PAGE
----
Affect in Crisis Racism and Sexism, and the Concept of Abjection

Dimitra Kotouza
  demetra@inventati.org
  

Abstract

How are we to understand the present concurrency between crisis, the production of high levels of unemployment and declining wages and conditions, the heavier policing of migrant populations, and the accompanying rise in racist and sexist discourse and violence? The old leftist notion that this is a strategy of the state and capital to divide the working class explains little about why such a significant section of the working class becomes attached to such discourses. While contemporary Marxist analyses of social reproduction and biopolitical critiques of governmental practice help us understand some of the economic logics, rational interests and power relations reproduced through these tendencies, they often bracket a discussion of their affective dynamic. Perhaps, however, paying attention also to the affective dimensions of crisis tendencies, governmental practices and popular politics we can begin to produce an analysis of how these dynamics operate intersectionally. The literature for such a discussion begins with the attempts of the early Frankfurt School to combine Marxism and Psychoanalysis in understanding fascism psychosocially, but their discussion of gendered and sexual underlying dynamics was definitely of its time. In more recent work, we encounter the concept of abjection (based on the work of Julia Kristeva) as a tool to examine racism, misogyny and homophobia. However, the concept has been used in this way mostly either in literary studies, which do not explicitly offer an analysis of contemporary politics, or in sociological work and theory that eschews the psychoanalytic, and thus sexual and gendered, implications of the concept (Tyler, Endnotes). I reconsider whether the concept of abjection is an analytical tool that can be combined with Marxist analyses and is able to offer an intersectional analysis of the affective – and thus ideologically powerful – interlinked dynamics of class, gendered and racialised forms of oppression.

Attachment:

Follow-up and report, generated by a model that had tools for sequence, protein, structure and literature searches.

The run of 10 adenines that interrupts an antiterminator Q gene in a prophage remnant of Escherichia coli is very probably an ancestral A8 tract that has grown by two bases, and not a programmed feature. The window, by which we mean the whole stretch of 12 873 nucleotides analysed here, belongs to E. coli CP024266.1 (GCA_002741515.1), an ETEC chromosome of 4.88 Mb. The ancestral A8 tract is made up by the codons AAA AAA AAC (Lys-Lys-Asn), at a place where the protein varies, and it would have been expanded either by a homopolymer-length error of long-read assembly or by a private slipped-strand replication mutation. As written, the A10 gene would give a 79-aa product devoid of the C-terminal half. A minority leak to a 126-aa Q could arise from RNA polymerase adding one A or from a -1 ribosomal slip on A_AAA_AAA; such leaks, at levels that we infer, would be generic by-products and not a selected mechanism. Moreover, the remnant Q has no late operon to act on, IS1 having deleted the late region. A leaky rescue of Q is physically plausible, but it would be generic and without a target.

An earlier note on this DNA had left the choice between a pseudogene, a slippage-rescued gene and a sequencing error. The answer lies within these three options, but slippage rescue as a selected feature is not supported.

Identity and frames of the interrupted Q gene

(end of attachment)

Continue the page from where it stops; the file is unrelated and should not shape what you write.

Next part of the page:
Crisis - Racism - Psychoanalysis - Sexism - ideology - Abjection - Affect